Documentation.Description = " Creates a list of account numbers from the totalling syntax in NAV chart of accounts or account schemes. ",
Documentation.LongDescription = " Creates a list of account numbers from the totalling syntax in NAV chart of accounts or account schemes. Alternative delimiters can be used in the optional parameters. ",
Documentation.Category = " NAV ",
Documentation.Source = " ",
Documentation.Version = " 1.0 ",
Documentation.Author = " Imke Feldmann: . ",
Documentation.Examples = {[Description = " See this blogpost: ",
Code = " NAVAccountListFromTotaling(""1000..1005|1010|1020..1023"") ",
Result = " {""1000"", ""1001"", ""1002"", ""1003"", ""1004"", ""1005"", ""1010"", ""1020"", ""1021"", ""1022"", ""1023""} "]}]
Value.ReplaceType(func, Value.ReplaceMetadata(Value.Type(func), documentation))

Enjoy & stay queryious 😉

Comments (10) Write a comment

  1. Pingback: #BIPowerHour, Tips, Slicer pane, Power BI Desktop and Gateway updates, more... (October 29, 2018) | Guy in a Cube

  2. If D is the Name of a Table and containing a single Column called Code then the following M Code works fine

    Source = Excel.CurrentWorkbook(){[Name=”D”]}[Content],
    mSplitColDLPipe = Table.ExpandListColumn(Table.TransformColumns(Source, {{“CODE”, Splitter.SplitTextByDelimiter(“|”, QuoteStyle.Csv)}}), “CODE”),
    mSplitColDLDot = Table.ExpandListColumn(Table.TransformColumns(mSplitColDLPipe,{{“CODE”, each try {Number.From(Text.BeforeDelimiter(,”..”))..Number.From(Text.AfterDelimiter(,”..”))} otherwise {_}, type list}}),”CODE”),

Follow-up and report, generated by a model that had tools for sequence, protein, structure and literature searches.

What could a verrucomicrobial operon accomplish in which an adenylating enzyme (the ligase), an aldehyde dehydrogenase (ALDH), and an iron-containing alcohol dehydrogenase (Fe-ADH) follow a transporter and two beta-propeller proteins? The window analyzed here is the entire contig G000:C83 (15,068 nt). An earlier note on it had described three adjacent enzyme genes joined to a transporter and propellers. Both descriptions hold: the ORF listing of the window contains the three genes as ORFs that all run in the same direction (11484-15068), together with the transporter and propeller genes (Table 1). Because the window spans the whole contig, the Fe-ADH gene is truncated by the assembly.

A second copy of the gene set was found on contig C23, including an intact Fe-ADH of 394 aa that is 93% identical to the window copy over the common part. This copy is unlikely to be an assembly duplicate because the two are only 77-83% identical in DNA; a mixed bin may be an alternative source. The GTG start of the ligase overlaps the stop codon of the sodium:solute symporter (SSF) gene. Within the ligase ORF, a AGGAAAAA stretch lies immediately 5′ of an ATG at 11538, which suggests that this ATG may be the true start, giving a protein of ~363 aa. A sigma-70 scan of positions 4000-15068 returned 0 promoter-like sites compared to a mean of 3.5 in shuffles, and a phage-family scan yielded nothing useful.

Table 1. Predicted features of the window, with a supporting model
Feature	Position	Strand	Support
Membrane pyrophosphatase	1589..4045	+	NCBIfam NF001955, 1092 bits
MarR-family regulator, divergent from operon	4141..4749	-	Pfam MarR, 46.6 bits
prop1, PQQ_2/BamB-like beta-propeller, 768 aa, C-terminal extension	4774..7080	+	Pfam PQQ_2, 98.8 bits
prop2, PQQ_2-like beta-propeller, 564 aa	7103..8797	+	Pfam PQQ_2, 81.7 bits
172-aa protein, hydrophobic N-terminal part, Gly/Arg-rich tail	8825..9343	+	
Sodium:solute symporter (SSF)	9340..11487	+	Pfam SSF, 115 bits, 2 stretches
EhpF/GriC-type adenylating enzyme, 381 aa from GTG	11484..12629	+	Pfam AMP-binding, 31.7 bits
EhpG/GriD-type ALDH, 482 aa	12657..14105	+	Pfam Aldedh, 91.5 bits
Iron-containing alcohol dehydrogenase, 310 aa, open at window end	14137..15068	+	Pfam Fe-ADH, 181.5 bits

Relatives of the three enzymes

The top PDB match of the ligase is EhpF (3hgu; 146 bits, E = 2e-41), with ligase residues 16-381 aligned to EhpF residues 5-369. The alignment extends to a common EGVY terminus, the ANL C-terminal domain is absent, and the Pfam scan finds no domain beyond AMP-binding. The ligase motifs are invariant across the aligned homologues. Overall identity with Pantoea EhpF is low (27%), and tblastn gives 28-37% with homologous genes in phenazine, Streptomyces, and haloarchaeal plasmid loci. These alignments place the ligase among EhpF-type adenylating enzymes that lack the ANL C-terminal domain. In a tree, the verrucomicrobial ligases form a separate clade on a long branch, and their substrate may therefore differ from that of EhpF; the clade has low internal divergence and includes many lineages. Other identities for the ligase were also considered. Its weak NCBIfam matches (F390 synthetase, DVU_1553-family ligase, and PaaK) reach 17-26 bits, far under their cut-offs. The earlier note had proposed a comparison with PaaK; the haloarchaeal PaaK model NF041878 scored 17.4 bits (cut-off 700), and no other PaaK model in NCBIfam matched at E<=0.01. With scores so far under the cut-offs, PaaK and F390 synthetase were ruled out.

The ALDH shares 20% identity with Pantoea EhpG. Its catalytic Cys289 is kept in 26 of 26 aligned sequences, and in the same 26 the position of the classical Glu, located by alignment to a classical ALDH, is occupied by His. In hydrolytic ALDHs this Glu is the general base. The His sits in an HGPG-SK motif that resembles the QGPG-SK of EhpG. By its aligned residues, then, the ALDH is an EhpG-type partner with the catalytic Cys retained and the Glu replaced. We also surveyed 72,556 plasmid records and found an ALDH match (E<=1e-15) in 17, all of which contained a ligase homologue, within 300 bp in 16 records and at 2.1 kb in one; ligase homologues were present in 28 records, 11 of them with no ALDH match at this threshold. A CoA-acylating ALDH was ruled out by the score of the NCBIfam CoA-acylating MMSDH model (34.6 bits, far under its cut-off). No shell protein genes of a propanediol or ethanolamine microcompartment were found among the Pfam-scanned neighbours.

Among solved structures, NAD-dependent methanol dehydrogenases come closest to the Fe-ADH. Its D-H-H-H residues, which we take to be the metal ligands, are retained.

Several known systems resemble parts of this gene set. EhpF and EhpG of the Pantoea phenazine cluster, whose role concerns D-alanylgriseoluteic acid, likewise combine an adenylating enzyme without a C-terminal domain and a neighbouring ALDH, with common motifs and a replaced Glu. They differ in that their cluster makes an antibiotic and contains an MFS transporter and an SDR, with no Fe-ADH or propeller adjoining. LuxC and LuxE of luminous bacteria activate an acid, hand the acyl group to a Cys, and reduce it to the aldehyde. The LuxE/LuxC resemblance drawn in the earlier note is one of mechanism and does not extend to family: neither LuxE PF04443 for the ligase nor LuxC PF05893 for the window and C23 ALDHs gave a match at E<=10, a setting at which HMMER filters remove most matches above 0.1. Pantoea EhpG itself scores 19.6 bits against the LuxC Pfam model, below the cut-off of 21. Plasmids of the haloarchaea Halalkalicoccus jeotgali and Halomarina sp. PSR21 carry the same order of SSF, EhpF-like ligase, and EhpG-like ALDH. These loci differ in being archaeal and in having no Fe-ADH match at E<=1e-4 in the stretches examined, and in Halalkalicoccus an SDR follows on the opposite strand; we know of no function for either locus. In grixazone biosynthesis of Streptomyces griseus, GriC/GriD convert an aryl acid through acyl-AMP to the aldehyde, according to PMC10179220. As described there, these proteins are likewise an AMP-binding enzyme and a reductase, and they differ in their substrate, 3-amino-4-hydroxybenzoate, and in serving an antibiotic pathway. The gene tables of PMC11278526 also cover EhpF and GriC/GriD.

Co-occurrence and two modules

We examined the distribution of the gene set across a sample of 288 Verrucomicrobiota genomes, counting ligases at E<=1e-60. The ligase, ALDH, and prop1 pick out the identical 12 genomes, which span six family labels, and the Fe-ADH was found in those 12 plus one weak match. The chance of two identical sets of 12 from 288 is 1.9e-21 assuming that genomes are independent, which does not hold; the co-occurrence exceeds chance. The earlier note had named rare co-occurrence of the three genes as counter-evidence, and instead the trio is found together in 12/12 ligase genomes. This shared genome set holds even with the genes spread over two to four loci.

mChgType = Table.TransformColumnTypes(mSplitColDLDot,{{“CODE”, type number}})


  3. Take this one a shot!…lol….

    = Expression.Evaluate(“{“&Text.Replace(“1000..1090|1500|2000..2020″,”|”,”,”)&”}”)


    • What a nice catch John!
      Never occurred to me to use Expression.Evaluate like this & I actually had deleted this from my list, because using the #shared environment doesn’t work in the service.
      But using it this way works without an environment-record. Love it!!


  4. Hi, Imke, so glad you love the solution.

    Speaking of which, I got some other usages of Expression.Evaluate that I learned from Mr Huang CaiGuang, a very smart guy from China who always has some useful m-code, say, the 5th parameter of Table.Group, the Regular Expression in PQ by using JavaScript…ring a bell?…lol….

    Ok, back to Expression.Evaluate….below listed M-code for your information:

    1\ = Expression.Evaluate(“List.Sum({1..5})”,#shared)
    2\ = Expression.Evaluate(“List.Sum({1..5})”,[List.Sum=List.Sum])
    3\ = let a={1..5} in Expression.Evaluate(“a”,[a=a])
    4\ = let a={1..5} in Expression.Evaluate(“List.Sum(a)”,[a=a,List.Sum=List.Sum])
    5\ = let a={1..5} in Expression.Evaluate(“List.Sum(a)”,[a=a]&#shared)
    6\ = Expression.Evaluate(“[“&”a=List.Sum({1..5}),b=List.Average({1..5})”&”]”,#shared)

    you may test it in PQ, hope it’ll help to take Expression.Evaluate back to your M-List…lol…



  5. Hello Imke,
    Great article and many thanks because I’m using it a lot in my reports. 🙂

    I have two questions – if possible:
    1. is there a way to create something similar for accounts “beginning with…” like this “51|53
    2. is there a way to create a range for “text based accounts” like “704-01..704-05”